Building a House Boat (2010)
Designing, constructing, and living aboard a houseboat.
The Landlord Independent was a 40ft houseboat that was envisioned and created on the belief that the maritime environment is the ideal home for a sustainable artist community. In the spring of 2009, Zachary Weindel and I began a design process focused on repurposing disregarded materials for use in building our boat.
The collaborative process of imagining, planning, and building this vessel demanded that I learn new methods for managing a range of essential and unusual tasks. Building this boat taught me a great deal about the joys and challenges of managing multifaceted projects. The boats distinct phases of construction and the media coverage we garnered are documented here.
Living on the Landlord Independent provided a unique juxtaposition between a life in the city and home on the frontier. The boat found restage in the many hidden and beautiful oases which fill the waterways of Providence, Rhode Island. Doing without some domestic comforts seemed inconsequential when surrounded by the magnitude and beauty of the outside environment.
On board, summertime cookouts were a common occurrence with a revolving cast of friends, family, fishermen, and people from the community. All through the changing seasons of New England we would move the boat between a variety of more or less rural anchorages. Along the way, the houseboat drew the interests of spectators, friends, foes and allies. Opinions on the boat varied from eyesore to masterpiece.
Unequivocal among the Landlord Independent’s characteristics was the combined forward force of Zach and myself. It is a force defined by our unmatched ability to imagine, plan, and then build our own reality.
Building the Cabin
The framework of the boat’s cabin was built from of local cedar trees. On top of this framework a roof was constructed from foam panels that had been salvaged from a demolished ice warehouse. The walls were built from similar foam panels donated by a materials testing facility. Firebricks from the site of a former industrial furnace were used to build the boat’s wood stove.
The boat’s electric system included LED lights, a radio, and phone chargers. These light duty appliances drew power from three 12-volt deep cycle batteries wired in series. A wind turbine mounted with a custom charge controller was installed to keep this system charged.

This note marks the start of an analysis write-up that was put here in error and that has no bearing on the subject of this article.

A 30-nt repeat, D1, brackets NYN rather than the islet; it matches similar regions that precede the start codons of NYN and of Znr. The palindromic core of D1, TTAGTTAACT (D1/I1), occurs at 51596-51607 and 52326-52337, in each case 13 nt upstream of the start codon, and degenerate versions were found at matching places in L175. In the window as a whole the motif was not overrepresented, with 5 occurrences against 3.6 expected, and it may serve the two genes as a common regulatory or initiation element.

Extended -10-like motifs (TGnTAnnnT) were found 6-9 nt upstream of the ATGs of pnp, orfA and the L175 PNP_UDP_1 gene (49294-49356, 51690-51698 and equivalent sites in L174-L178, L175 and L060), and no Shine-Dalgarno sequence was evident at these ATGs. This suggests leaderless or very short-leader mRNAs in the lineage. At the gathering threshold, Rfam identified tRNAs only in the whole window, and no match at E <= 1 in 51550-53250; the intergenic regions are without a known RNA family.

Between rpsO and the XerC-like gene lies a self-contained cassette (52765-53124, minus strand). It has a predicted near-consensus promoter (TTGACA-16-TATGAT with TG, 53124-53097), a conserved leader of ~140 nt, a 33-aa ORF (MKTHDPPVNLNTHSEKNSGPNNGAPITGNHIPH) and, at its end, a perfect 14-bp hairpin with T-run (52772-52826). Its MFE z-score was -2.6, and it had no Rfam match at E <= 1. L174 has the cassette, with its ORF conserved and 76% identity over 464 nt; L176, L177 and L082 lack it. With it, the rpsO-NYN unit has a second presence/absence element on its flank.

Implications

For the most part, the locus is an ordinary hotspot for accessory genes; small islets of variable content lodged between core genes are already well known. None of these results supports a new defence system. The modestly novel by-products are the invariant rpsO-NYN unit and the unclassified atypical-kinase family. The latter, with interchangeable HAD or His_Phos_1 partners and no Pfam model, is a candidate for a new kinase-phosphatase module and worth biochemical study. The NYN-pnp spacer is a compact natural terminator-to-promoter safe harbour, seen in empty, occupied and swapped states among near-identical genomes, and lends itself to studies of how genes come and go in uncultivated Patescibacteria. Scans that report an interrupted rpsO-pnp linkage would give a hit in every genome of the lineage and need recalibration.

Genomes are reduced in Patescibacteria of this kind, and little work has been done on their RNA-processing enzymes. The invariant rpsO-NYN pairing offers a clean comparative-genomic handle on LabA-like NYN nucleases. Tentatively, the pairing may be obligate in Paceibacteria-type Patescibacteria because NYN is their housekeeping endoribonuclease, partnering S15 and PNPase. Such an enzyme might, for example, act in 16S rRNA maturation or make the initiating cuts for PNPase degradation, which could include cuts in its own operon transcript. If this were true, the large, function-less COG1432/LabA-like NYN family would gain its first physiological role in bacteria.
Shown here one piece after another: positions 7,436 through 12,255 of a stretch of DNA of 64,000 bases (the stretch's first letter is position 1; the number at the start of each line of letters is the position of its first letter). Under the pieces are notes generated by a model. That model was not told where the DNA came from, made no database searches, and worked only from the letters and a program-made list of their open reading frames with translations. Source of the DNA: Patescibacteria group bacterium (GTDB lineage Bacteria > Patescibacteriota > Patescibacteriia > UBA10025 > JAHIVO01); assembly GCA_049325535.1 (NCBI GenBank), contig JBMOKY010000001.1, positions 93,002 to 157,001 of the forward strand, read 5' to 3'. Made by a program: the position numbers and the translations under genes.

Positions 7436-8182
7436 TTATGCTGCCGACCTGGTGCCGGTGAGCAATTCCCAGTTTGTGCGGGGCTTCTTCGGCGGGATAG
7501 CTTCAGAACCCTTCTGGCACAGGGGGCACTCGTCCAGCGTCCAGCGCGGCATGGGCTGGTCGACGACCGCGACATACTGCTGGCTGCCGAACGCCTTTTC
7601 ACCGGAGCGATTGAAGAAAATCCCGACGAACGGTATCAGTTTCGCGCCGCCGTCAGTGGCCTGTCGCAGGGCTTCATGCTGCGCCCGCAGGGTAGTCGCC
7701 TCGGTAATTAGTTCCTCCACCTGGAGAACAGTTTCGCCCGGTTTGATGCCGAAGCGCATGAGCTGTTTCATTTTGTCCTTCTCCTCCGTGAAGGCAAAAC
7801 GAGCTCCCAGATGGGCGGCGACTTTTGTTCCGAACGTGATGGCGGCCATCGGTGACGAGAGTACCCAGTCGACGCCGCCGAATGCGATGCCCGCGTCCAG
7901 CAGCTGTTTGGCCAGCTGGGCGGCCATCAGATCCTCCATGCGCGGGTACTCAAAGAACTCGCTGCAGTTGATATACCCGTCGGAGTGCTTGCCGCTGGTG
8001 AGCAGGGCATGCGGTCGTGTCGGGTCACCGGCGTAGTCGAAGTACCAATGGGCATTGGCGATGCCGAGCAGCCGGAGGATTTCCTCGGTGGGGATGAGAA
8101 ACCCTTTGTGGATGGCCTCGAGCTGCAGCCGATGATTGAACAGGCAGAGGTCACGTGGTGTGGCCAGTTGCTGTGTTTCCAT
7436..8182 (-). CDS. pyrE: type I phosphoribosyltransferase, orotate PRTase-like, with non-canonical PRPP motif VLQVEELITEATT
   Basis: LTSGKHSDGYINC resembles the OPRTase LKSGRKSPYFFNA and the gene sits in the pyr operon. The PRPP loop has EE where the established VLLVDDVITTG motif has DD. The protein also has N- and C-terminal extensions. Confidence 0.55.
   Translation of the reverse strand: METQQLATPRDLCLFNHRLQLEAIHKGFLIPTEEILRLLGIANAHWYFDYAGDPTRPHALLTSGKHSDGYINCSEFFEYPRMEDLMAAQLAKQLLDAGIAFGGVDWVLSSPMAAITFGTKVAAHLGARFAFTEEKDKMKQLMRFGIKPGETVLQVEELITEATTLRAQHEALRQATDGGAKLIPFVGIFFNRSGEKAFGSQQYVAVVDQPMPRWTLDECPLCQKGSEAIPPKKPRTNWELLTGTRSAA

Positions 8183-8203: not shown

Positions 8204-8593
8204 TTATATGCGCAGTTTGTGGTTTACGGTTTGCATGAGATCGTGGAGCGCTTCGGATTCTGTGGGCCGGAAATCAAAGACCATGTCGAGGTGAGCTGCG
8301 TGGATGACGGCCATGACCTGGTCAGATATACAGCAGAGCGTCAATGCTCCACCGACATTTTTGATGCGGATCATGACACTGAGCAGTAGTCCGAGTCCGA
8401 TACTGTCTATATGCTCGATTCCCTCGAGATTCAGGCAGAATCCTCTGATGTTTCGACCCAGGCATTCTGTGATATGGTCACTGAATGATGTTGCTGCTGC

The Vessel’s Anchor
The enormous surface area of the boat required an anchor with exceptional holding power. A custom anchor was welded from scraps of structural steel for this purpose.
A composting toilet was used for the treatment of waste. The contents of the toilet would quickly decompose for safe and environmental disposal on land.
Building the Deck
We used locally harvested and milled pine to build the boat’s 20x40 foot deck.
The system that held pontoons during the deck construction was designed to double as a ramp for the boat’s launch. With a crowd of family, friends, and reporters in attendance, we launched the boat into the Narragansett Bay.
A transom was constructed for the vessel’s 85HP outboard motor. A pulley system was built so the motor could be controlled by a bicycle steering wheel above the deck.
Constructing the Ponotoons
Two local businesses donated the materials for this phase: 32 polyethylene barrels from a pharmaceutical company and 800 cubic feet of dock foam from a nearby marina.
Shaping the pontoons
The internal structure and external shaping of the pontoons was completed inside our warehouse space. Once the pontoons were prepared for a skim coat of concrete, they were moved to an outside construction site. Roughly 20 people were required to lift each pontoon.
Skim coating in concrete
A custom mix of Portland cement, sand, and plastic aggregate was used to for an abrasion resistant coating. Once completed, bottles, jacks, and pulleys were used to carefully rotate the pontoons for transportation.
Transport from Construction Area to Launch Site
A truck axle was used to move these one-ton pontoons from the initial construction area to the waterfront. Unused dock pilings were utilized to build a system that held pontoons in a square position.
In the News
- “Boat Livin'” The College Hill Independent
- “Weathering the Storm” The Providence Journal
- “They're Floating an Idea for Sustainable Living” The Providence Journal
- “On the Water and Off the Grid” The Providene Phoenix
- “Makers of Sustainable Vessel Fight to Dock in Providence” Rhode Island Public Radio